Avon is one of the world’s best known brands. In Northampton, where it has its UK headquarters, the company is known locally as ‘ding dong’ a reference to its 1960s and 70s iconic advertising campaign. In spite of being associated with 1960s it is a massively successful organisation and has effectively used technology in the evolution of its business model. It is now the world’s leading direct seller of beauty products with an annual turnover of $7.7 billion. It markets to women in 143 countries globally through 4.9 million independent sales representatives – ‘Avon ladies’ as they used to be known. In the UK alone, there are 160,000 Avon representatives, selling to nearly 8m customers.
The company was founded in the US in 1886 and introduced to the UK in 1959. Avon’s distinctive selling method, using reps selling to work colleagues and friends, took the UK cosmetics market by storm.
A lifetime’s work
Kevan Moorcroft has spent his entire career at the cosmetics company and has seen Avon evolve from a paper and punch card-based business to an innovative web-based one.
He has worked all over the globe for Avon, starting out as a trainee programmer, spending five years in its headquarters in Rye, New York and three years in Japan. In fact, he has been posted to a new location every three to five years. In his 30 years at the company he has seen Avon change its processes but not its core proposition.
“Avon has changed a lot or a little depending on your view,” he says. “There is a great heritage and a great relationship between the business people at the company working together. It is essentially a sociable business and all of our people have a good sense of the business model.” The company has modernised and evolved gradually. “On the brochure side, Avon is no longer all about ‘my mother’s’ company. It has younger customers and representatives now but it maintains the consistency of its business model. It has shown a lot of resilience and technical forethought on that,” says Moorcroft.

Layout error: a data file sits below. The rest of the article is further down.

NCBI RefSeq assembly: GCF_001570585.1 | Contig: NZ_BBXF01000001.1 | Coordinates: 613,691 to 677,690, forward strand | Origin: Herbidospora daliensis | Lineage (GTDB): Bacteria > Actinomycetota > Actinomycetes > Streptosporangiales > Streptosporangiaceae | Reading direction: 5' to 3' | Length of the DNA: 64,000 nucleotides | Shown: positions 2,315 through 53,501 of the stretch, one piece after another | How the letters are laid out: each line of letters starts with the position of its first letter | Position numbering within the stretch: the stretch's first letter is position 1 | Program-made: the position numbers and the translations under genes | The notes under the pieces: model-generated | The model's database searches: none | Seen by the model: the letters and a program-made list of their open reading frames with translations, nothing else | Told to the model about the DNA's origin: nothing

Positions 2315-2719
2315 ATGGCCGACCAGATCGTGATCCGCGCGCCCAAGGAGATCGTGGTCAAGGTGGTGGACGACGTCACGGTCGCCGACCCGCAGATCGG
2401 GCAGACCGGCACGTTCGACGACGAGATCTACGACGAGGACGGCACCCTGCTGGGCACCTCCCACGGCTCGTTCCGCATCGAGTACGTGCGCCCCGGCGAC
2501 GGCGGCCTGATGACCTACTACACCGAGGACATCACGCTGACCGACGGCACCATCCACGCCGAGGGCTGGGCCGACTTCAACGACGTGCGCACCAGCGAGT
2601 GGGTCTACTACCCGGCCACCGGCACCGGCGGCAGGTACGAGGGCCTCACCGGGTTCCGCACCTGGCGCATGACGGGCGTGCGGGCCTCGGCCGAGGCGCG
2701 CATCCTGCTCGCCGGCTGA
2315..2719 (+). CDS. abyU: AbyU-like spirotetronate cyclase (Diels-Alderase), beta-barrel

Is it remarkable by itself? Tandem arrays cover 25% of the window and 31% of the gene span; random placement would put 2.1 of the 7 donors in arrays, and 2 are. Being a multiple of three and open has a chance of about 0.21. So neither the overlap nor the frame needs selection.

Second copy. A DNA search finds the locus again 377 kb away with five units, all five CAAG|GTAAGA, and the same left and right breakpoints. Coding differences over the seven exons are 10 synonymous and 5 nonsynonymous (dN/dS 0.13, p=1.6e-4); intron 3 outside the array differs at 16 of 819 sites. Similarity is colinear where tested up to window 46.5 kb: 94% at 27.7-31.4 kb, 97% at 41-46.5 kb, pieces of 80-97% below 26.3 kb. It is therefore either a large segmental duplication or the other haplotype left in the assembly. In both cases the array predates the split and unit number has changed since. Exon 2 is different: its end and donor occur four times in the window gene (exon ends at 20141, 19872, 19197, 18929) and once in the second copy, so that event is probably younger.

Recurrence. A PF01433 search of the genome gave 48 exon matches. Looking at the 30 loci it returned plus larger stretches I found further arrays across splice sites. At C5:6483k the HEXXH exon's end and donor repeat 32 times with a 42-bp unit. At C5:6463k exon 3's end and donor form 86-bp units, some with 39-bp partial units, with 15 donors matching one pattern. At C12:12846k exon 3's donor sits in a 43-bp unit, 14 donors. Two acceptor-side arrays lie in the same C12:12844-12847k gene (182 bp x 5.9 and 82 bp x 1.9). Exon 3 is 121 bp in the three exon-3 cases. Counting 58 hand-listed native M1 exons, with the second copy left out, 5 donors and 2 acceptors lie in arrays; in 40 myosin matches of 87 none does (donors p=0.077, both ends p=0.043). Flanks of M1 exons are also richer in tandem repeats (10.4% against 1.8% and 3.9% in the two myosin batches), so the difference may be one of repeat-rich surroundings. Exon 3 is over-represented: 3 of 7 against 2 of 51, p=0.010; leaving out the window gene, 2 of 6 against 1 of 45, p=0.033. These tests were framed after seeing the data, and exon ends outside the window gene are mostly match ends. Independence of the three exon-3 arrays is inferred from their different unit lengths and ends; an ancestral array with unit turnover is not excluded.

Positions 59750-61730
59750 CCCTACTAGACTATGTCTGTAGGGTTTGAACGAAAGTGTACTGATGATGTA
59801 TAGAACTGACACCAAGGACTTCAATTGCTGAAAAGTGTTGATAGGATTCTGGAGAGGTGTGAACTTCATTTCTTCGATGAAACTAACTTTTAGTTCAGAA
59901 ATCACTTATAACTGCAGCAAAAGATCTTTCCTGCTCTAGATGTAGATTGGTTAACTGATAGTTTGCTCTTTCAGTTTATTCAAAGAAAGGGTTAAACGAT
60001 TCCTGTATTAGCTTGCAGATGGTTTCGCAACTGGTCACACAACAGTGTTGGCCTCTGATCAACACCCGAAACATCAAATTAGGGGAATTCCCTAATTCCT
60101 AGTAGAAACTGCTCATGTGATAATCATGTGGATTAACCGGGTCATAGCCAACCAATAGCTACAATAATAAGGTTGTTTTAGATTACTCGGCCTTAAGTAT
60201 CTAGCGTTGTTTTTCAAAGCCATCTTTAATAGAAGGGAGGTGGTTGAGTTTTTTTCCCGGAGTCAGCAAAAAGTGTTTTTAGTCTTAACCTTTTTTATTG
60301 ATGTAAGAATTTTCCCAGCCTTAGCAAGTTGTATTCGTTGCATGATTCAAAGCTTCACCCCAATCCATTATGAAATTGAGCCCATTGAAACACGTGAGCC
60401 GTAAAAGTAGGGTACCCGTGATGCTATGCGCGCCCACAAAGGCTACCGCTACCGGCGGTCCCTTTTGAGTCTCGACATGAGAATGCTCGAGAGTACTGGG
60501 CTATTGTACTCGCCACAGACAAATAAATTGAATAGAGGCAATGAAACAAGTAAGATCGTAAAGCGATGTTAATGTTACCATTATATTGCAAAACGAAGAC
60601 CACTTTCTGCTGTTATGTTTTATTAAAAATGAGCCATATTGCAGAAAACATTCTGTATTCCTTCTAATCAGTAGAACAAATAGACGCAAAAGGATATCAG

When he began at Avon, the purchase orders were processed using punch cards and then corporate invoices were laboriously printed out. Today the internet handles the bulk of the traffic.
“For invoicing, 50 per cent of Avon representatives are online and for the others their paper invoices are scanned into the system,” he says. “IT works as the marketing and commercial engine of the business. Avon has a unique business model and this is reflected in all that we do.” At the end of last year, Avon launched a new web shop in a bid to grow its UK online sales by over 200 per cent over the next five years.
It was the first cosmetics company to sell its products online, beginning in 1997, and there has been an 80 per cent year-on-year increase in global web sales for the last five years, notching up to sales of $2bn a year.
The UK is the first territory in Europe to adopt the new Avon web shop model, taken from the US blue print and the company wants to expand the web offering across Europe.
The new UK web shop was developed as part of a global e-commerce strategy and Moorcroft believes it has radically improved customer service offerings for its direct customers.
Moorcroft is now vice-president, regional IT services EMEA. In the early 1990s he became involved in strategic planning and business development. He believes that the IT development has made real progress and the company as a whole has seen some massive improvements in business processes since he was a trainee programmer. “The move in 1997 to the internet was significant. Avon has used the same operating model for 100 years,” he says.
“Moving to do business direct with customers is about the critical mass of the business. Technology is key to it.”
The EMEA region is very diverse, with Avon operating in 31 different markets with 25 different languages and different fiscal rules.
“Because of this we have to design in a great deal of flexibility,” says Moorcroft. “The content management has to be straightforward, with a large proportion of non-IT content on the site, so that the marketing people in each of our regions can work easily on it.”
The move to the internet meant a lot of internal systems planning and work on the supply chains at the regional level, all the while taking into account the multiple languages and currencies.
"IT works as the marketing and commercial engine of the business. Avon has a unique business model and it is reflected in all that we do"
Kevan Moorcroft, vice-president, regional IT services EMEA, Avon